# When and why is a likelihood ratio preferable to a difference as a test statistic?

We want to know whether two sample sets {x} and {y} were drawn from the same distribution. The null hypothesis $$H_0$$ is that they are. As statisticians we test the hypothesis by calculating the p-value: the probability of observing those sample data if the null hypothesis is correct.

As statisticians with computers we can avoid thinking too hard about the characteristics of their distribution and just run a permutation test on whatever statistic we care about. Well, we said earlier that we care about whether they are different. So I guess we have to come up with some MLE $$\hat{\theta}$$, and then look at the difference: $$\hat{\theta_x}-\hat{\theta_y}$$, right?

But we've been reading all about Likelihood Ratio Tests, which have some nice features, and a difference is just a ratio in log space, so: are there advantages to running the permutation test on the ratio $$\frac{\hat{\theta_x}}{\hat{\theta_y}}$$ instead of the difference? IIUC, using the ratio gets us into a situation, via Wilks' theorem, where we approximate the $$\chi^2$$ distribution. But we already decided our computer can do a permutation test – potentially even exhaustively for small sample sizes – and isn't that preferable in practice to a closed-form solution that is only asymptoticly correct?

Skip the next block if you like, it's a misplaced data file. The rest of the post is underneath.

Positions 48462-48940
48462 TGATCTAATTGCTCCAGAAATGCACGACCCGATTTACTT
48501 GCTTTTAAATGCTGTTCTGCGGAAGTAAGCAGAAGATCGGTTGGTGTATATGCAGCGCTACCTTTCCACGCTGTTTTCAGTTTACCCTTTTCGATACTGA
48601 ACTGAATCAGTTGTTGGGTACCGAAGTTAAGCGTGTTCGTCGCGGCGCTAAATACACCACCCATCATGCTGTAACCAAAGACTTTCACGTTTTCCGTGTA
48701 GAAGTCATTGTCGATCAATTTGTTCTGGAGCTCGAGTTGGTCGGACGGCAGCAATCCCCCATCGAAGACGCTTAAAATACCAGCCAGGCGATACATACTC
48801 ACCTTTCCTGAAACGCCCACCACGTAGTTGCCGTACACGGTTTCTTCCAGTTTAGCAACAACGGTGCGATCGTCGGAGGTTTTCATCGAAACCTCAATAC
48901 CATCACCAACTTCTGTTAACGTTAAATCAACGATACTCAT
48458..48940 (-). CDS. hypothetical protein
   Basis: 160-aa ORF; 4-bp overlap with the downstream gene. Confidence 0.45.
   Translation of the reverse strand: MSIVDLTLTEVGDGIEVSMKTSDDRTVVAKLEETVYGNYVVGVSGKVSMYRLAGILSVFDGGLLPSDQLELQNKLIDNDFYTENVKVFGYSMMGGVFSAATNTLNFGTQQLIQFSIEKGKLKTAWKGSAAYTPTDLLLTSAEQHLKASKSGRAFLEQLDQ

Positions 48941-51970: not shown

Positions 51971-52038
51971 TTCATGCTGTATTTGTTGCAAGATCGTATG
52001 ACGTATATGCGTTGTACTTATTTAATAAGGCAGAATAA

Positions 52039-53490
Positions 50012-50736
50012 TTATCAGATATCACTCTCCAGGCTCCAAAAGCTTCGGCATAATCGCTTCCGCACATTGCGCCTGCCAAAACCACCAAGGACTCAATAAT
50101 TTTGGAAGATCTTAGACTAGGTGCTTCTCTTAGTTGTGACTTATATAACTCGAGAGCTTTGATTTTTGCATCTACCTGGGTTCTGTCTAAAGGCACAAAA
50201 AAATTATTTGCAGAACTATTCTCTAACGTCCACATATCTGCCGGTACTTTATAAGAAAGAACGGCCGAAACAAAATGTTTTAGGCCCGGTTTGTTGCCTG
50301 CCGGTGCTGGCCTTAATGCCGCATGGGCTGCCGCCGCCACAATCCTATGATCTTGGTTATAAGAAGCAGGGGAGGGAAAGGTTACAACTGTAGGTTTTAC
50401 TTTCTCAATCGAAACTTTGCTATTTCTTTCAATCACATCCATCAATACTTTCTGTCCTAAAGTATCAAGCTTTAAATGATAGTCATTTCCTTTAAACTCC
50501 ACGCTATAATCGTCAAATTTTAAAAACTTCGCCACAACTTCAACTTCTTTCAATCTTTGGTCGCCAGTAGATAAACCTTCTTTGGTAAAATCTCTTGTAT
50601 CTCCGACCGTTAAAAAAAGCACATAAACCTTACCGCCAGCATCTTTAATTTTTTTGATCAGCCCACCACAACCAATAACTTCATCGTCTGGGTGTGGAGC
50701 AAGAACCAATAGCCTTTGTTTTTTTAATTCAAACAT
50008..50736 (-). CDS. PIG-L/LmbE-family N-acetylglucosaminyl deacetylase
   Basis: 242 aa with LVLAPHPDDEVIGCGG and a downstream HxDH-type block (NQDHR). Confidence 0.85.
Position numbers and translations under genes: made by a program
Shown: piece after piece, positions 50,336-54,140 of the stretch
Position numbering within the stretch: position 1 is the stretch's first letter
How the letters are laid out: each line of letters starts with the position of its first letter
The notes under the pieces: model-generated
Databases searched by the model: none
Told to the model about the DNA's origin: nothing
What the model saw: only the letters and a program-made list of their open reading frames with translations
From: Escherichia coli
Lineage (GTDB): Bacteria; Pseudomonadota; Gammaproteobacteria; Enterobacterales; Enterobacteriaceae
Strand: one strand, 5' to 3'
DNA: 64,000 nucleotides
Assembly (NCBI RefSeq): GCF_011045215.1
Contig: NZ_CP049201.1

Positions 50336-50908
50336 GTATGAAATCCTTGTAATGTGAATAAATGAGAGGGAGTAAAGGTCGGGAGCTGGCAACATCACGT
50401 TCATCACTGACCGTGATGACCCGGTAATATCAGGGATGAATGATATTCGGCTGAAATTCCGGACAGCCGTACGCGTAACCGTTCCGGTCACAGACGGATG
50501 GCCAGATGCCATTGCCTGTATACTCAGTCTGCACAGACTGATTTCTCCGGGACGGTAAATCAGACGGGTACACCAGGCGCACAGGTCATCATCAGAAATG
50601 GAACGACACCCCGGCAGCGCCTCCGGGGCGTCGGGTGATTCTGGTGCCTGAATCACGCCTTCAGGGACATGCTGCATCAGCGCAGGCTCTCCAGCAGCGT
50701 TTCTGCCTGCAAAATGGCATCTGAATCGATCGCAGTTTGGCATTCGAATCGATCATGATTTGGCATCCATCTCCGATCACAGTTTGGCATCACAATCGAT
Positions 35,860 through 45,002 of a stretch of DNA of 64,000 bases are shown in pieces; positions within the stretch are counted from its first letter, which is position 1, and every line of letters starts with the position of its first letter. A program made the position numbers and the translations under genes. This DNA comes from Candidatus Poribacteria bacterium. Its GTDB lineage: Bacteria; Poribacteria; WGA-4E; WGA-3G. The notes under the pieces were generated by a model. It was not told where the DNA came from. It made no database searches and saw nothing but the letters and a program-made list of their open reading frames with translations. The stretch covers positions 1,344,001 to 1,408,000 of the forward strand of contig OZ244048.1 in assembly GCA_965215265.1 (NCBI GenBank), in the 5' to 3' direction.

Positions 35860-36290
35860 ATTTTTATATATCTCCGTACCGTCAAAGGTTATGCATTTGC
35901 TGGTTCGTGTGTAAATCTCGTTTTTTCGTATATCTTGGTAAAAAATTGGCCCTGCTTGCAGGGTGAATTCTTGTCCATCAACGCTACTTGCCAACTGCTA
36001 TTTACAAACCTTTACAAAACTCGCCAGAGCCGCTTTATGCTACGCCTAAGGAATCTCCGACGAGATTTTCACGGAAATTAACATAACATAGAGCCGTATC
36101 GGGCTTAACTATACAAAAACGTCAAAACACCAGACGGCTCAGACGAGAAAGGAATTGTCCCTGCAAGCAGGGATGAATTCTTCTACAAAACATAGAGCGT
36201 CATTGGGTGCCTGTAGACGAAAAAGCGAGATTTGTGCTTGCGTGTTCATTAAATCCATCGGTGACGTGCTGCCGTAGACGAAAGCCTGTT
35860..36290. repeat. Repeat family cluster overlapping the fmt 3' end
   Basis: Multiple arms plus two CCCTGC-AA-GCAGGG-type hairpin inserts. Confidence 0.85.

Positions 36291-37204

Or maybe we pick up some power if we mix LRT with the permutation concept and look at $$\frac{\hat{\theta_{xy}}}{\hat{\theta_x}\hat{\theta_y}}$$?

• The likelihood ratio is the ratio of the likelihoods, which is not usually the ratio of the parameters. I'm sorry to say there is a lot else that isn't correct in your question statement, but that's probably the most obvious error. Commented Dec 1, 2023 at 5:15
• @jbowman The question includes statements of my current understanding, which I suspect contains errors and is missing important qualifications. Any explanations of things that I have wrong (and why) could be helpful answers. Commented Dec 1, 2023 at 13:56

There are hidden problems with permutation tests, the first and foremost being their reliance on choosing the “correct” statistic to permute. With heavy tails in the data distribution, the sample mean has problems with overly influential observations, and permuting the data doesn’t fix that. Using a likelihood ratio $$\chi^2$$ test or a Bayesian regression model implies that you have thought about the choice of the raw data model, and such thinking may involve transforming Y in a certain way. For example if Y has a log-normal distribution, one computes the mean and SD after taking log(Y), and the mean of Y on the original scale is estimated by anti-logging a function of the estimated mean and SDs of the logs.